Trusts can be especially useful when transferring to minor grandchildren, as you are able to maintain control over the assets, even after your death. By setting up a trust for you minor grandchildren, you can state how you want the money to be managed, the circumstances under which it can be distributed, and when it should be withheld. You can also determine at what age the grandchildren will able to control the money, either as trustees or full owners.

As much as we like to believe our grandchildren are financially responsible, knowledge of a significant inheritance could make it easier for them to justify leading a somewhat indolent lifestyle, lacking direction and a sense of financial stewardship.  Your grandchild’s trust can be an effective tool for providing financial assistance, as well as motivation by way of incentives. For example, a will or trust may stipulate that receipt of funds be contingent upon graduating college, retaining a good-paying job or maintaining a healthy lifestyle.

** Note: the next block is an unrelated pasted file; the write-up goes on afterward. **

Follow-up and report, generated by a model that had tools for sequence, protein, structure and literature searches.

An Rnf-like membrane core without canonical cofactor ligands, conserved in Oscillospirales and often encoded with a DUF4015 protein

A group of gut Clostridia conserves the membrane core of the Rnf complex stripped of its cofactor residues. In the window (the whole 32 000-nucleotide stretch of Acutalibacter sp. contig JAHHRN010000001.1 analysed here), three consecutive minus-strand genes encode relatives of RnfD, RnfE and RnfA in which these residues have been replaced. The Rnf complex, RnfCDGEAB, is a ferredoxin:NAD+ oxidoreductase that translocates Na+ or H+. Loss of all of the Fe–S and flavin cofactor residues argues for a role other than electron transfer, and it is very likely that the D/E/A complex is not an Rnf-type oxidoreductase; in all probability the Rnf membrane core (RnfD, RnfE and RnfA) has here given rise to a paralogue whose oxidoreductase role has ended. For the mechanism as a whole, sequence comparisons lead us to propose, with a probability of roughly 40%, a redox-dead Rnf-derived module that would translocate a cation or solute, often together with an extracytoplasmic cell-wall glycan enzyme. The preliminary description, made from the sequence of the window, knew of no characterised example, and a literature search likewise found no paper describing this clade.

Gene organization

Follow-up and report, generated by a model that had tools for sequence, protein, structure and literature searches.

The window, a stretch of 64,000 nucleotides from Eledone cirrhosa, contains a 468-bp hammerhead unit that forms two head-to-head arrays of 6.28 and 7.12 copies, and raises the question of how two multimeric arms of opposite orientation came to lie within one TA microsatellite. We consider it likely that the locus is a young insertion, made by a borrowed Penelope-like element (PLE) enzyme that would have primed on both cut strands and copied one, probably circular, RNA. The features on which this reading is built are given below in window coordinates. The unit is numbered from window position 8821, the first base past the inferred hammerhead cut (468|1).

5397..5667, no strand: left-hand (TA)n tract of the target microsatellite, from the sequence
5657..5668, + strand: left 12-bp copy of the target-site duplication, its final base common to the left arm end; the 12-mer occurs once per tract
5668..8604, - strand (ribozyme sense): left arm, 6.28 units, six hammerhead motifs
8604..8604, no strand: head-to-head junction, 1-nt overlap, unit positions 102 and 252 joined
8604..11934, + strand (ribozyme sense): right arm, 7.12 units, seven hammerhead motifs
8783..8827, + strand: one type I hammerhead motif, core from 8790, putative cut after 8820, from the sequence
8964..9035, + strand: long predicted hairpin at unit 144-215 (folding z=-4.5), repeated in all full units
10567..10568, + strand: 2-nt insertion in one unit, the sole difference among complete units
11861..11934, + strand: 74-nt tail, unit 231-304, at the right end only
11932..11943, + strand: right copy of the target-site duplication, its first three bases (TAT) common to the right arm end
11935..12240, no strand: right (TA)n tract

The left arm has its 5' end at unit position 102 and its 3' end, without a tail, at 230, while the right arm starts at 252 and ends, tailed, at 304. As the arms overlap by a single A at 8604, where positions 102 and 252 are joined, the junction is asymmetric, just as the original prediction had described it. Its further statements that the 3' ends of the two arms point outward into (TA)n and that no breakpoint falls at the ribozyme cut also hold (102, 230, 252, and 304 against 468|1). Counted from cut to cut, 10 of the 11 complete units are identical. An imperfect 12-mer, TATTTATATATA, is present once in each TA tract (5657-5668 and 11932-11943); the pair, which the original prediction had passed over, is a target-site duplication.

For grandchildren or any other beneficiary who may be physically or mentally unable to care for themselves as an adult, you may want to ensure they have the care oversight they need for their lifetime. A special needs trust is one effective way of planning for such a situation.  It is important that you work closely with a financial advisor and/or estate attorney when establishing a special needs trust, as the smallest misguidance could jeopardize the beneficiary’s eligibility for government programs, such as supplemental security income and Medicaid.